KI: We're using Python on the backend. It makes sense because all of our machine learning code is in Python. We run a PostgreSQL database, and everything is served out of AWS. We like to keep things simple.
NV: How are you looking to monetize the app? Is the target group users or businesses?
KI: We believe there's a lot of value in helping people understand their dietary needs and preferences and in connecting them with sources of healthy food that they'll enjoy. Our priority will always be our users. We want to enable them to gain insight into what they're eating and help them achieve their dietary goals; any monetization we add in the future will fit in with that.
NV: After spending much time developing the app, making the end result known to the public is of prime priority. How easy is to do that and how to go about it?
KI: What we’ve released so far is really just the beginning in terms of where we think this technology can go. It’s by no means an end result. We're hard at work taking the first round of feedback that we've gotten and making improvements and adding features that people have asked for. Getting the word out is always a big challenge. We have a few ideas for marketing and distribution that we think will be really fun. Stay tuned!
NV: Why is that today Bitesnap is only available in US or Canada? Are you looking to expand into more countries, and if yes, how would you localize it to cater for different cultures with different cuisines.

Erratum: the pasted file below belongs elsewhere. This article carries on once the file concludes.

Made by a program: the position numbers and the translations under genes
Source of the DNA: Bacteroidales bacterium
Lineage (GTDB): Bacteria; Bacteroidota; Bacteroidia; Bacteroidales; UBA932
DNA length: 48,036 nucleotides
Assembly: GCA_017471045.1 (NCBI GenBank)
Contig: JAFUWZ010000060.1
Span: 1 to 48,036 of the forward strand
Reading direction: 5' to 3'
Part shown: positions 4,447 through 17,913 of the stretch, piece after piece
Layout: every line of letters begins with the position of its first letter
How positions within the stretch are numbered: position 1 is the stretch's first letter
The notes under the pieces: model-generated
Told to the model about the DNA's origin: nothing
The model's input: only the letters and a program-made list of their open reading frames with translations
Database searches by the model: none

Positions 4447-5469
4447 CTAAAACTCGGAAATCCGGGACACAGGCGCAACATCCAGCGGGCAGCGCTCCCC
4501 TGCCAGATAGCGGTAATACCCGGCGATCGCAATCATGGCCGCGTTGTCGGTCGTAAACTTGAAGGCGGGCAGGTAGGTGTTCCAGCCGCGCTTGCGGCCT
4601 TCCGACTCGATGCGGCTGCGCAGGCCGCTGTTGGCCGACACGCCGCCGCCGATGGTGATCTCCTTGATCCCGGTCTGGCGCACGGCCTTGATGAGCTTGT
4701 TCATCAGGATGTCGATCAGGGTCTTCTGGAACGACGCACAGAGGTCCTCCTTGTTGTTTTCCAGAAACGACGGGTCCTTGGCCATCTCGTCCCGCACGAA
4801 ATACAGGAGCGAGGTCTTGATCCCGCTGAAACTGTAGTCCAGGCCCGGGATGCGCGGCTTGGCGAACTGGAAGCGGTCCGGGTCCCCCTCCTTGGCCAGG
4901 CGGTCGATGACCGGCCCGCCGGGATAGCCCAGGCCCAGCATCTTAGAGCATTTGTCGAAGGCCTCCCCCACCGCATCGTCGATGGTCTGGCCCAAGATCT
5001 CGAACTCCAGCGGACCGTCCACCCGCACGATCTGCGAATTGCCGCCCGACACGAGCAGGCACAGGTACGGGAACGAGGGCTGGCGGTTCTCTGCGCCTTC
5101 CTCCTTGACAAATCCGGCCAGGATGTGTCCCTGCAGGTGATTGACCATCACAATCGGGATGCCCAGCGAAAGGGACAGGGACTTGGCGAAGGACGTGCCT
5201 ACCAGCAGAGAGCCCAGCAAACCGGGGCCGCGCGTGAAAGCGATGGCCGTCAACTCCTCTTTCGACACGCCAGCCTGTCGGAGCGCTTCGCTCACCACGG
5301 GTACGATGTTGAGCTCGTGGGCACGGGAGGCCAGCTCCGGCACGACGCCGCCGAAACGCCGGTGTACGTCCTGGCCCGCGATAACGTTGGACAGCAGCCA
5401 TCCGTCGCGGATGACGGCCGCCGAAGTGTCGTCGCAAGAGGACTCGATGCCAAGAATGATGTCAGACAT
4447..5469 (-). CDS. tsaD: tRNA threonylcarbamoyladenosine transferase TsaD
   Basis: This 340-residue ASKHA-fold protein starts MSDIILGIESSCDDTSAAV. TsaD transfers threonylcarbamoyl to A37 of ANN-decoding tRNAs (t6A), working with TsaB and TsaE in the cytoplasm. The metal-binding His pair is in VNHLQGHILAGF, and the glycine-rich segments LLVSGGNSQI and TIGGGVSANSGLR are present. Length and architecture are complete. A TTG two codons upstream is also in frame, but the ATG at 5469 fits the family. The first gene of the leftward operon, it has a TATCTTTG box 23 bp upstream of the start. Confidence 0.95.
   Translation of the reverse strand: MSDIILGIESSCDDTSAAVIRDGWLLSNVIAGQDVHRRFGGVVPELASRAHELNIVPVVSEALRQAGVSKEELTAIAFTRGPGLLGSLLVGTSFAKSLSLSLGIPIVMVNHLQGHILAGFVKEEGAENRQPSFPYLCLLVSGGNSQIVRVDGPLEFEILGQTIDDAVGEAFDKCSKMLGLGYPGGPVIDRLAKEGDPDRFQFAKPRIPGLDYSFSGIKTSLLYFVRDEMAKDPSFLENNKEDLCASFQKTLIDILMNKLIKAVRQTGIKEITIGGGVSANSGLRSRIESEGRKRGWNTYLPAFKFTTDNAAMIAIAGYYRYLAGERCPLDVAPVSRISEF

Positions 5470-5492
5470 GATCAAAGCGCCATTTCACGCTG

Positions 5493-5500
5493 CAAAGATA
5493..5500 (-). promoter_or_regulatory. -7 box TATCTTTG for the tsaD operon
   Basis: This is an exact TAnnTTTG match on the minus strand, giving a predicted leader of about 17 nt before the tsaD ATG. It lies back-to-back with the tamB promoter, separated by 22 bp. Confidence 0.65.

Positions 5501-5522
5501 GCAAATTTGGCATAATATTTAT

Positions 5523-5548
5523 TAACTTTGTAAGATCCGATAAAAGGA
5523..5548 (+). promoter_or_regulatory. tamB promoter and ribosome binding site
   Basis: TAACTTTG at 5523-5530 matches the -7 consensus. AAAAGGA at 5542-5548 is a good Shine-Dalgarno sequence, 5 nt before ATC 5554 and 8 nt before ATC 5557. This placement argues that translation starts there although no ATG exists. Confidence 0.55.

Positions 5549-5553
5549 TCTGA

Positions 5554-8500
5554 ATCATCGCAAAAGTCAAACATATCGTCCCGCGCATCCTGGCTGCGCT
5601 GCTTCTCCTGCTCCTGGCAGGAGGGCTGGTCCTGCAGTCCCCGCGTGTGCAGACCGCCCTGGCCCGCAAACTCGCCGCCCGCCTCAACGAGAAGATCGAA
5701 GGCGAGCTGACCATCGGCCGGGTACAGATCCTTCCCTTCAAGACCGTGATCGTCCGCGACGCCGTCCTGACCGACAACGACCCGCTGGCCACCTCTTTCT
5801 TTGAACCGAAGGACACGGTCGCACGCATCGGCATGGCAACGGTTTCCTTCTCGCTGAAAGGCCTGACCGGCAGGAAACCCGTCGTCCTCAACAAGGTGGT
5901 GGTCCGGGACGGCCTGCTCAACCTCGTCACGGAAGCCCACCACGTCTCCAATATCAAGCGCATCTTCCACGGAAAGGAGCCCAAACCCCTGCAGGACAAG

KI: Initially, we're being a bit cautious in expanding because foods and preparation methods can vary a lot from country to country. We want to ensure that users outside the US and Canada will have a good experience before launching to them. There are also some interesting localization issues. For example, we only support imperial units for portion size right now, and we'll need to support metric in most places. We'd like to support more countries as soon as we can. If you're outside the US, we're running a beta that you can sign up for here.
NV: Finally, how do you think is technology affecting the food sector? What are your plans in the foreseeable future, (like what functionality are you looking to add into a future version) and what do you expect to be the deciding factor in Bitesnap's successful and widespread public adoption?
KI:Technology is transforming the way we think about health and wellness. We've already seen a huge shift in how people track their activity and exercise using things like Fitbits and smartphones -- these technologies have dramatically reduced the amount of effort it takes to log and analyze how you’re burning calories. We're hoping to bring something similar to the other side of the equation: tracking the foods that you’re putting into your body. We’ve taken the first steps toward that goal, but there’s still a lot of work to do. We believe that as food logging becomes easier and faster, it will appeal to a broader segment of people, and this will drive widespread adoption.
Douglas Hartree was an English mathematician and physicist who made an important contribution to computing in the era before electronic computers. Using a simple Meccano set he replicated the function [ ... ]